The Hall of Fame induction ceremony moved from the front steps on Main Street, to the steps of the newly-constructed Hall of Fame Library for the first time on July 22, 1968. Joe Medwick, the lone BBWAA inductee, was enshrined with Veterans Committee selections Kiki Cuyler and Goose Goslin, who choked up and had to cut his speech short. Damon Runyan, who covered the New York Giants for the New York American from 1911-1920 received the J.G. Taylor Spink Award for meritorious contributions to baseball writing.
JOE MEDWICK: After nine years of Hall of Fame eligibility, Medwick was named on 84.8 percent of ballots to earn induction. He played 17 seasons with the St. Louis Cardinals, Brooklyn Dodgers, New York Giants and Boston Braves. A leader of the Gashouse Gang Cardinals of the 1930s, Medwick helped the Redbirds to the 1934 World Series title over the Detroit Tigers. He won the Triple Crown posted one of the baseball’s best single seasons to date in 1937, leading the National League in at-bats (633), runs (111), hits (237), doubles (56), home runs (31), RBI (154) and batting average (.374) on his way to MVP honors. Medwick retired with a .324 career average, 205 home runs and 1,383 RBI.
KIKI CUYLER: A Veterans Committee selection, Cuyler played for the Pittsburgh Pirates, Chicago Cubs, Cincinnati Reds and Brooklyn Dodgers in 18 seasons. He ten times batted over .300 and led the National League in stolen bases four times. Cuyler had a career season in 1925, hitting .357 with 18 home runs and 102 RBI. He led the league with 144 runs scored, 26 triples and finished second in the N.L. MVP voting. Cuyler topped off the ’25 season by driving in the winning run for in the Pirates in the World Series off of the Washington Senators’ Walter Johnson. It was the only World Series win for Cuyler, who lost in the Fall Classic as a member of the Cubs in 1929 and 1932. He retired after the 1938 season with a .321 average, 128 home runs, 1,065 RBI, 157 triples and 328 steals.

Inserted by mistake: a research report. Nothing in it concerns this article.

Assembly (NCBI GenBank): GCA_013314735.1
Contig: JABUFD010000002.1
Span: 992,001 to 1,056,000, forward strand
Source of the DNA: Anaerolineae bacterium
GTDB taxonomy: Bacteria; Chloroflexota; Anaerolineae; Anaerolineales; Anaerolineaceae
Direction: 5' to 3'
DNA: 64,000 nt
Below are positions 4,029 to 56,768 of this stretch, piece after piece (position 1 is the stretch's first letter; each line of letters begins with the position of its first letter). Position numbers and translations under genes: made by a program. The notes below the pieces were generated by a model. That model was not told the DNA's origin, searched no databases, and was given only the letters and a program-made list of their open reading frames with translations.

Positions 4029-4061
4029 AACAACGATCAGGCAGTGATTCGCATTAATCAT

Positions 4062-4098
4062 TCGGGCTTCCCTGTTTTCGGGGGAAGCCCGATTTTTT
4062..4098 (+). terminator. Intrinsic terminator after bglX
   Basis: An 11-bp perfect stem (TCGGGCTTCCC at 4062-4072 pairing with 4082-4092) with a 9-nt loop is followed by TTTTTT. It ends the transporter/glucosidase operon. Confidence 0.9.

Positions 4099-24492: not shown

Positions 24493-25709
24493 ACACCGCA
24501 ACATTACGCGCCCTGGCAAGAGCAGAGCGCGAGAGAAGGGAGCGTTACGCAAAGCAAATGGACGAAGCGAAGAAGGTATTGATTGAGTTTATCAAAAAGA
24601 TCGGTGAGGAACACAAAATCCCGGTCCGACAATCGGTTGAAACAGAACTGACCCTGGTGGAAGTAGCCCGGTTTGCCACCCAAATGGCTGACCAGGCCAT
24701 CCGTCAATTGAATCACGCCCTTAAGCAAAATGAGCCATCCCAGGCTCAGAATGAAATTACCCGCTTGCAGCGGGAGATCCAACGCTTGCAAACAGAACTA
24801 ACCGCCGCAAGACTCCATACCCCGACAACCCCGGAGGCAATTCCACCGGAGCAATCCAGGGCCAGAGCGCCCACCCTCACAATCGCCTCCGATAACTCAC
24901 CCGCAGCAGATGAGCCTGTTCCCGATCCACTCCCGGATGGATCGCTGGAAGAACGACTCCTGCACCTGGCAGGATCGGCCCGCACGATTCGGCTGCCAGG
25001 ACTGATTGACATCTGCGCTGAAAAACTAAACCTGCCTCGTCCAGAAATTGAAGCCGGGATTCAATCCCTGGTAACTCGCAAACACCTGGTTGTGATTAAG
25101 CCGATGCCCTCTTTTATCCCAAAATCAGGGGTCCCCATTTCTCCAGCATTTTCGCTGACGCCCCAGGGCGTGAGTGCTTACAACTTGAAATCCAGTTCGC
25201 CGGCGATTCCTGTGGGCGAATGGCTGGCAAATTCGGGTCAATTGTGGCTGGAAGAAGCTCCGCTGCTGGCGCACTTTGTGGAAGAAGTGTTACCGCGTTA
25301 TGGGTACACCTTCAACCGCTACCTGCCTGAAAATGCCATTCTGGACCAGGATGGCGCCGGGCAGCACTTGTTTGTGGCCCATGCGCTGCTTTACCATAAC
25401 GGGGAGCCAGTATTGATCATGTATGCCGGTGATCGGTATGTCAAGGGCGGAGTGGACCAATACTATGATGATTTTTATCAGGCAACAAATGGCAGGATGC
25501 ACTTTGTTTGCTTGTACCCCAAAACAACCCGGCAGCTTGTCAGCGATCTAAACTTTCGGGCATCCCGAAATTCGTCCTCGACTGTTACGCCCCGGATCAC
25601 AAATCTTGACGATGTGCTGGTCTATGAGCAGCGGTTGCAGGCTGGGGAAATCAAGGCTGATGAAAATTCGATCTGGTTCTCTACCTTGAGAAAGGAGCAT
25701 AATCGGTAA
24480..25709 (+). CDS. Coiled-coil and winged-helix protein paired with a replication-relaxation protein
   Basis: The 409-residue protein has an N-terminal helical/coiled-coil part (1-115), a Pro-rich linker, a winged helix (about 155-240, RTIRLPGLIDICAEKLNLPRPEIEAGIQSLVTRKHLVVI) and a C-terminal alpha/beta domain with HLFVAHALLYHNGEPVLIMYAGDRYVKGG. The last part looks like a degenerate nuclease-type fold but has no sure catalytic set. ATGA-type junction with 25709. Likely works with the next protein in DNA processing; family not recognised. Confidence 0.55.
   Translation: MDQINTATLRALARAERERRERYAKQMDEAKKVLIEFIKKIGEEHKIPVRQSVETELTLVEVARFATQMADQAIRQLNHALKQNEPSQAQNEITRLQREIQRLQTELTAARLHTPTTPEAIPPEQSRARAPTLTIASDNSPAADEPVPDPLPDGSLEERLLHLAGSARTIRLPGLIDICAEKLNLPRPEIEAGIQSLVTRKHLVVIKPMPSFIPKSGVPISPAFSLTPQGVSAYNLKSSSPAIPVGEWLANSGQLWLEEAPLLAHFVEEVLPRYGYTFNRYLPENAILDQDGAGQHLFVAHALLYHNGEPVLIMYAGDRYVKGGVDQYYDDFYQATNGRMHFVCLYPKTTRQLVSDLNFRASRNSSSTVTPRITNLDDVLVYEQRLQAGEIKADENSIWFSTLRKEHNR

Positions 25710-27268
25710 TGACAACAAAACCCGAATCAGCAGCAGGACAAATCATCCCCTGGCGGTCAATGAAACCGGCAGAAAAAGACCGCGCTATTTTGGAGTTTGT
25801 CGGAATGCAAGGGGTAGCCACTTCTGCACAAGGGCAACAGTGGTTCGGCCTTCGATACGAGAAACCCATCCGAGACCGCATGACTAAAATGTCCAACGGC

GOOSE GOSLIN: A veteran outfielder of 18 major league seasons with the Washington Senators, St. Louis Browns and Detroit Tigers, Goslin is the only man to play in all 19 World Series games in Senators history. He led Washington to three American League pennants (1924, 1925, 1933) and the 1924 World Series title. While with the Tigers he played in two more Fall Classics, winning in 1935. He batted .300 or better and drove in 100 or more runs 11 times each, while garnering a top-10 finish in MVP voting three times. Golsin retired with a .316 average, 248 home runs and 1,609 RBI.